The word cheapskate appeared in the latter 1800s in the United States, and is an interesting closed compound word. We will examine the meaning of the word cheapskate, its etymology, and some examples of its use in a sentence or two.

A cheapskate is someone who is living on a shoestring, someone frugal to the point of being miserly. A cheapskate goes beyond frugal living and frugality or simply looking for ways to save, he is a tightwad who goes to great lengths to avoid spending money. Being thrifty, learning how to live without credit card debt, how to manage one’s personal finances, how to save money in order to live debt free or take an early retirement is a virtue. Savers living on a budget, living on one income, working on debt repayment, or those who want to live a simple life save money on groceries by using retail coupons, rebates, taking advantage of freebies, and reducing food waste. Learning to shop around when one wants to buy something results in spending one’s resources wisely. However, extreme cheapskates go beyond simply shopping at a resale shop or a thrift store, they refuse to spend money in situations where they should. Ebeneezer Scrooge was a cheapskate until his change of heart. A list of synonyms for cheapskate that may be found in a word thesaurus: tightwad, miser, penny-pincher. The word cheapskate was coined in the United States in the 1890s, and is a compound word made up of the word cheap and the word skate. In the late 1800s, the word skate was slang for a despicable person or a broken-down horse. This use of the word skate is probably taken from a Scottish slang word, skite, which had the same meaning.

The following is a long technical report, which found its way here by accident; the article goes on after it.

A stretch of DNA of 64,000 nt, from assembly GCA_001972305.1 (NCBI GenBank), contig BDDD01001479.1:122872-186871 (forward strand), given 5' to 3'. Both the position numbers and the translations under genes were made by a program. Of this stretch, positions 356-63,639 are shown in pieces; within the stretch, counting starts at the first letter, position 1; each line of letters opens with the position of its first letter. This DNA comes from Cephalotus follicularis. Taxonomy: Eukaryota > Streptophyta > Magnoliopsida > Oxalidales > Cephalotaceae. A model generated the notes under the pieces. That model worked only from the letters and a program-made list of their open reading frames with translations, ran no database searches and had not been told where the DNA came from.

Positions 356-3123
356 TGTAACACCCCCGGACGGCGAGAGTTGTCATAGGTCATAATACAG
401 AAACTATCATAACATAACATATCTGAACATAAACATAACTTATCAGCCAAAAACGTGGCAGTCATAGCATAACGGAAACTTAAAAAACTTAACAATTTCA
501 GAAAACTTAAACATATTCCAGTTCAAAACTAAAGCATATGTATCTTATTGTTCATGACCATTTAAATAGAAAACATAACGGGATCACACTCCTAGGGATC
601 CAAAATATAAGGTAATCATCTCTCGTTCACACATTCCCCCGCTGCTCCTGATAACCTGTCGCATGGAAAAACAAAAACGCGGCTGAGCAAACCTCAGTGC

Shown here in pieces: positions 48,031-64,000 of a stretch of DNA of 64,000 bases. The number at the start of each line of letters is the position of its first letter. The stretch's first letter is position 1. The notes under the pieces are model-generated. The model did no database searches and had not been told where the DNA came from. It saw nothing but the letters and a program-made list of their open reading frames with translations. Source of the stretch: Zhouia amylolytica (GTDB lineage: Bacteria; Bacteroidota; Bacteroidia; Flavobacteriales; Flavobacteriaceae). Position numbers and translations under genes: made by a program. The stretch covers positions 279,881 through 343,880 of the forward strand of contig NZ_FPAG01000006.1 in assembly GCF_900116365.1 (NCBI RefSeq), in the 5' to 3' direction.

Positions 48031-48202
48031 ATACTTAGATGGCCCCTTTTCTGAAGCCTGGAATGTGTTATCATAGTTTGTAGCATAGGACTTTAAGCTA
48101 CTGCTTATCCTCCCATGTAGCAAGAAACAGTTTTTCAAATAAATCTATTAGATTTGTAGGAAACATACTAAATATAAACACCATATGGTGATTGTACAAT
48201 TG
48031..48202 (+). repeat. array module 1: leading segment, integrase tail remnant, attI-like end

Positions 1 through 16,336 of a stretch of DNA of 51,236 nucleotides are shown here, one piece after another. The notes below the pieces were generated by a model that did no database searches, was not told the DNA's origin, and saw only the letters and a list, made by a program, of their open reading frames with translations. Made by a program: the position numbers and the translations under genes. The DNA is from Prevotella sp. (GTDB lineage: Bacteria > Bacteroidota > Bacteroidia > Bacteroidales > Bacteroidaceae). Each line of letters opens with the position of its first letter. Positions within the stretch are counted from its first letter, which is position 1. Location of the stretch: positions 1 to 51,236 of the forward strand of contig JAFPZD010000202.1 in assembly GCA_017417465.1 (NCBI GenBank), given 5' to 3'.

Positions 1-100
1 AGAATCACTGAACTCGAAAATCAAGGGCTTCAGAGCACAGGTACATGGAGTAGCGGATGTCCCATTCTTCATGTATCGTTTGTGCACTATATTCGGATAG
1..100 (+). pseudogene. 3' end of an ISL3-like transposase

Former Trump Exec Barbara Res Says He’s Actually A Christmas-Hating Cheapskate (The Huffington Post)

Not only does this set of DIY coasters serve a functional purpose, they also satisfy my inner cheapskate. (The Houston Chronicle)

He was traded to the Rangers on June 1, 1976, mostly because cheapskate owner Calvin Griffith didn’t want to pay him. (The Dallas Morning News)

I am not saying this adds to the cheapskate flavor we get from his charitable giving, or apparent lack thereof. (The Washington Examiner)